Mosasaurs (from Latin Mosa meaning the ‘Meuse river', and Greek meaning 'lizard') are large, extinct, marine reptiles. The first fossil remains were discovered in a limestone quarry at Maastricht on the Meuse in 1770s.

During the last 20 million years of the Cretaceous period (Turonian-Maastrichtian), with the extinction of the Ichthyosaurs and decline of Plesiosaurs, mosasaurs became the dominant marine predators.

Mosasaurs breathed air, were powerful swimmers, and were well-adapted to living in the warm, shallow, epicontinental seas prevalent during the Late Cretaceous Period. Mosasaurs were so well adapted to this environment that they gave birth to live young, rather than return to the shore to lay eggs, as sea turtles do.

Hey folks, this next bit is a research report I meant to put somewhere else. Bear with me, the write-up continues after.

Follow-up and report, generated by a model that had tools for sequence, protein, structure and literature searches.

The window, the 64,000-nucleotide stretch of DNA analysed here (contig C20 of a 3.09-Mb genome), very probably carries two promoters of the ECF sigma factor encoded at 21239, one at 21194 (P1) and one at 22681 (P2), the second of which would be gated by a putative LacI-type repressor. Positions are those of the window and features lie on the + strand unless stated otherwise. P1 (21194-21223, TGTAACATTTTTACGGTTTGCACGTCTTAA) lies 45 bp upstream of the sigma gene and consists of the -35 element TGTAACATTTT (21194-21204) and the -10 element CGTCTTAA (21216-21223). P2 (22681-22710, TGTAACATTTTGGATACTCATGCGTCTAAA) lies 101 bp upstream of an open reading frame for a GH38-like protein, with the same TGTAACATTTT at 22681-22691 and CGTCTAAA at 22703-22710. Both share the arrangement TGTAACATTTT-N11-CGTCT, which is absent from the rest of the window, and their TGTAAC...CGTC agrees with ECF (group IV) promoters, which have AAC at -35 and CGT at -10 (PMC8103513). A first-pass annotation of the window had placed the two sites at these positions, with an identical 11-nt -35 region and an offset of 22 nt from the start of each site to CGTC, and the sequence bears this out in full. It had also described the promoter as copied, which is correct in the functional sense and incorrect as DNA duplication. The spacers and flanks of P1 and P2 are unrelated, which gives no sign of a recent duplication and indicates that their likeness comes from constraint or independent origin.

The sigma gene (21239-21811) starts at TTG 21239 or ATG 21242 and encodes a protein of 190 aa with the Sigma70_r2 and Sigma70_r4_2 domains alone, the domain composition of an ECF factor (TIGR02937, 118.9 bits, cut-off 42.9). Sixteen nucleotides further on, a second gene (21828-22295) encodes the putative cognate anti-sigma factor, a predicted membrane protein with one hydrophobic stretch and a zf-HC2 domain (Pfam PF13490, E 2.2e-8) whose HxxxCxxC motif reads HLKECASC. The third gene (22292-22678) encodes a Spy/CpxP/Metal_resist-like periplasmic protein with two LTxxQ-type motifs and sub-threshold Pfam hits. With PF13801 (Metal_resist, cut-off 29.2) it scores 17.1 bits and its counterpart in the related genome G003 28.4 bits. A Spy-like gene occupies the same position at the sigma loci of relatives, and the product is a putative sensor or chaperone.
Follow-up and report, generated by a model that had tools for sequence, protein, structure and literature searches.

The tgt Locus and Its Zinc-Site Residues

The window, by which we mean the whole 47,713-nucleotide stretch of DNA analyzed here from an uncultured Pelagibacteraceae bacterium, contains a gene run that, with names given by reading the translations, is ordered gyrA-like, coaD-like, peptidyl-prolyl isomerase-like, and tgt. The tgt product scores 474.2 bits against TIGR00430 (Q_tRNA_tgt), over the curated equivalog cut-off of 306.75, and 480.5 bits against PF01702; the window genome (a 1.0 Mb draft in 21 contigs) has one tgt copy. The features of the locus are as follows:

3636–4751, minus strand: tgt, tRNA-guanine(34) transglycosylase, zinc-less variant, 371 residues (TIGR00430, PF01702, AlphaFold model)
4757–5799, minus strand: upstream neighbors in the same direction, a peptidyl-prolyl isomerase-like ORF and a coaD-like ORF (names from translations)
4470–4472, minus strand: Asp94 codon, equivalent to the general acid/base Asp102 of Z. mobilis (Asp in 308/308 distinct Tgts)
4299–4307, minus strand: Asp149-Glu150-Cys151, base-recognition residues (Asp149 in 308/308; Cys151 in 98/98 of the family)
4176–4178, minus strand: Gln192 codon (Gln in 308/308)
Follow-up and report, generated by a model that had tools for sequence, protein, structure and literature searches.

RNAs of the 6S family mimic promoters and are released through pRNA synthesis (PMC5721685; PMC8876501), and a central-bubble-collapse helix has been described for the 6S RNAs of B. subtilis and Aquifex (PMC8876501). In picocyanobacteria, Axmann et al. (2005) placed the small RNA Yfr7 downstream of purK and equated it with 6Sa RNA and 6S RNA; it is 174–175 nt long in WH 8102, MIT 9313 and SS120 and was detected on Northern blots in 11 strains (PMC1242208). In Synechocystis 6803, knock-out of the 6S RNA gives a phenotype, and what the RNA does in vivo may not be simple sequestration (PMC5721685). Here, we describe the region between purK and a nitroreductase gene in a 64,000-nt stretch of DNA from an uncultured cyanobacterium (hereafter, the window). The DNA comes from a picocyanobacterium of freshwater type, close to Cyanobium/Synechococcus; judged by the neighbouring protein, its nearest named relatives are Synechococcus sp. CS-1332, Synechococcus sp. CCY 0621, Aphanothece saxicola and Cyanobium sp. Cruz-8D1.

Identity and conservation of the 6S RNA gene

The smallest-known mosasaur was Dallasaurus turneri, which was less than a 1 metre (3.3 ft) long. Larger mosasaurs were more typical: Hainosaurs holds the record for longest mosasaur, at 17.5 metres (57 ft).

Mosasaurs has a body shape similar to that of modern-day monitor lizards (verandas), but were more elongated and streamlined for swimming. Their limb bones are reduced in length and their paddles were formed by webbing between their elongated digit-bones. Their tails were broad, and supplied the locomotive power.